Attorney General James Secures $6.9 Million from Bayer and Monsanto for False Advertising of Roundup® Weedkillers
Bayer CropScience and Monsanto Allegedly Falsely Claimed Certain Roundup® Consumer Products Were Safe and Non-Toxic, Violating an Agreement with OAG
NEW YORK – New York Attorney General Letitia James today announced a settlement with Bayer CropScience LP (Bayer) and Monsanto Company (Monsanto) for allegedly making false and misleading claims regarding the safety of certain Roundup® consumer weedkillers. Bayer and Monsanto repeatedly claimed in advertising that Roundup® consumer products containing the active ingredient glyphosate were safe and non-toxic without adequate substantiation. These claims violated state laws against false and misleading advertising, and also breached a previous settlement the Office of the Attorney General (OAG) reached with Monsanto in 1996, in which Monsanto committed to stop making unsubstantiated claims regarding the safety of Roundup® products that contained glyphosate.
“Pesticides can cause serious harm to the health of our environment, and pose a deadly threat to wildlife, including pollinators and other species vital to agriculture,” said Attorney General James. “It is essential that pesticide companies — even and especially the most powerful ones — are honest with consumers about the dangers posed by their products so that they can be used responsibly. Once again, Monsanto and the company’s current owner, Bayer, made false and misleading claims about the safety of their products, but we will not allow them to get away with endangering our environment. My office will continue to protect the health of New York’s environment by ensuring our laws are respected and followed.”
Roundup® is among the leading brands of weedkillers in the United States. For many years, glyphosate was the most common primary active ingredient in Roundup® brand products. Scientific studies have determined that some formulations of Roundup® brand pesticides may be toxic to wildlife, particularly pollinator species such as honeybees and butterflies, as well as fish, amphibians, and other aquatic organisms. According to a 2022 report of the Empire State Native Pollinator Survey, at least 40 percent — and as many as 60 percent — of pollinator species native to New York are at risk of disappearing from the state, potentially threatening the future growth of crops and wildflowers statewide.
In 2020, Attorney General James began an investigation into whether Monsanto, and its current owner Bayer, were again engaging in false advertising of their Roundup® products, in violation of Monsanto’s 1996 settlement with OAG. The investigation found that a number of claims made in advertising, including promises that Roundup® products “won’t harm anything but weeds,” and “do not pose a threat to the health of animal wildlife,” were not adequately substantiated. The investigation also revealed that the companies made claims that implied Roundup® products were safer and less toxic than dish detergent and soap, a practice Monsanto had agreed to cease in the 1996 settlement. Following the investigation, Attorney General James concluded that the companies’ claims about these products violated New York laws against persistent business fraud and false and misleading advertising, and breached Monsanto’s obligations under the prior settlement.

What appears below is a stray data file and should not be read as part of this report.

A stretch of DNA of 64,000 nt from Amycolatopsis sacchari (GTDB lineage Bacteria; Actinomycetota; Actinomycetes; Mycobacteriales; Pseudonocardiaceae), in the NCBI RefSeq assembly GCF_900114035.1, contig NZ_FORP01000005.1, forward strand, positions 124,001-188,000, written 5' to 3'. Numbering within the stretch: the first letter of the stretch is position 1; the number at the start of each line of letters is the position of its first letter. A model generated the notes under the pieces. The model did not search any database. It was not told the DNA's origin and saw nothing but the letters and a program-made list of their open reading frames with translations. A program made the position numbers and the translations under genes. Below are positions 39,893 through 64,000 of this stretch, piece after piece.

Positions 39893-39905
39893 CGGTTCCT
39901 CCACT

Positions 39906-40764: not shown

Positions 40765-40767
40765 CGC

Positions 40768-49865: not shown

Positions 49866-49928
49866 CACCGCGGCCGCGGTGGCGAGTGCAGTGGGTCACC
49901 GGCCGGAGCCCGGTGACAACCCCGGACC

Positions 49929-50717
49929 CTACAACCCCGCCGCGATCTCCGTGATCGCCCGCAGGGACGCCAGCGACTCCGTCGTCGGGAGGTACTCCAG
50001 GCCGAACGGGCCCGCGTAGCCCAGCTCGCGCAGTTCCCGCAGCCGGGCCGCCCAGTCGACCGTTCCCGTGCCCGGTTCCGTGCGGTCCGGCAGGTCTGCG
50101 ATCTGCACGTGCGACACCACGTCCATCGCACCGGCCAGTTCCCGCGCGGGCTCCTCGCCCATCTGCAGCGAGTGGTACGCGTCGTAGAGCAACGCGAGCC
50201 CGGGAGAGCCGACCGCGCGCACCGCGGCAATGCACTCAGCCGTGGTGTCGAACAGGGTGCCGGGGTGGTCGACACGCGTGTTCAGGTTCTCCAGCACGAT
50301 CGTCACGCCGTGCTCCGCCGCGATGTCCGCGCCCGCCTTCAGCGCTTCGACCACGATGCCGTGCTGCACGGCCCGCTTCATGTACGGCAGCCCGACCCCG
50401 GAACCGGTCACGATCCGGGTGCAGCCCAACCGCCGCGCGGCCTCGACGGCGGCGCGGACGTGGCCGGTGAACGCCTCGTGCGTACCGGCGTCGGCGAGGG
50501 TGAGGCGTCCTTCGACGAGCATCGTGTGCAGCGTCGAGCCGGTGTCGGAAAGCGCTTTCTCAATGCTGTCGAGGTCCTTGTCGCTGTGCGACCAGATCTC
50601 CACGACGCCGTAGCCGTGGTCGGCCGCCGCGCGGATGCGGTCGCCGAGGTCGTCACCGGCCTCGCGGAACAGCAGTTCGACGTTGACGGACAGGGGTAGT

The OAG’s investigation and settlement are related to the environmental impacts of Roundup® products; the impact of Roundup® products on human health is currently the subject of ongoing nationwide private-party litigation.
As a result of the settlement announced today, Bayer and Monsanto will pay $6.9 million to OAG, which will be used to prevent, abate, restore, mitigate, or control the impacts of toxic pesticides such as those containing glyphosate on pollinators or aquatic species. The specific programs and projects that will be supported with these funds have yet to be determined, but may include research, monitoring, and education, as well as habitat management, restoration, and enhancement.
The settlement also requires Bayer and Monsanto to immediately remove or discontinue any advertisements that represent Roundup® consumer products containing glyphosate as safe, non-toxic, harmless, or free from risk to pollinators and other wildlife. Bayer and Monsanto must also direct distributors and retailers of these consumer Roundup® weedkillers to cease the dissemination of any marketing materials that contain these allegedly false representations. Per the agreement, Bayer and Monsanto will submit an annual report and certification of compliance with the agreement to OAG, and the companies will be subject to a $100,000 penalty for each failure to uphold the obligations of the settlement.
This matter was handled by Assistant Attorney General Christopher Gore and Affirmative Section Chief Morgan Costello of the Environmental Protection Bureau, under the supervision of Bureau Chief Lemuel M. Srolovic, as well as Deputy Assistant Attorney General-in-Charge of the Buffalo Regional Office Christopher Boyd. The Environmental Protection Bureau is a part of the Division for Social Justice, which is led by Chief Deputy Attorney General Meghan Faux, and the Buffalo Regional Office is a part of the Division of Regional Affairs, which is led by Deputy Attorney General Jill Faber, both overseen by First Deputy Attorney General Jennifer Levy.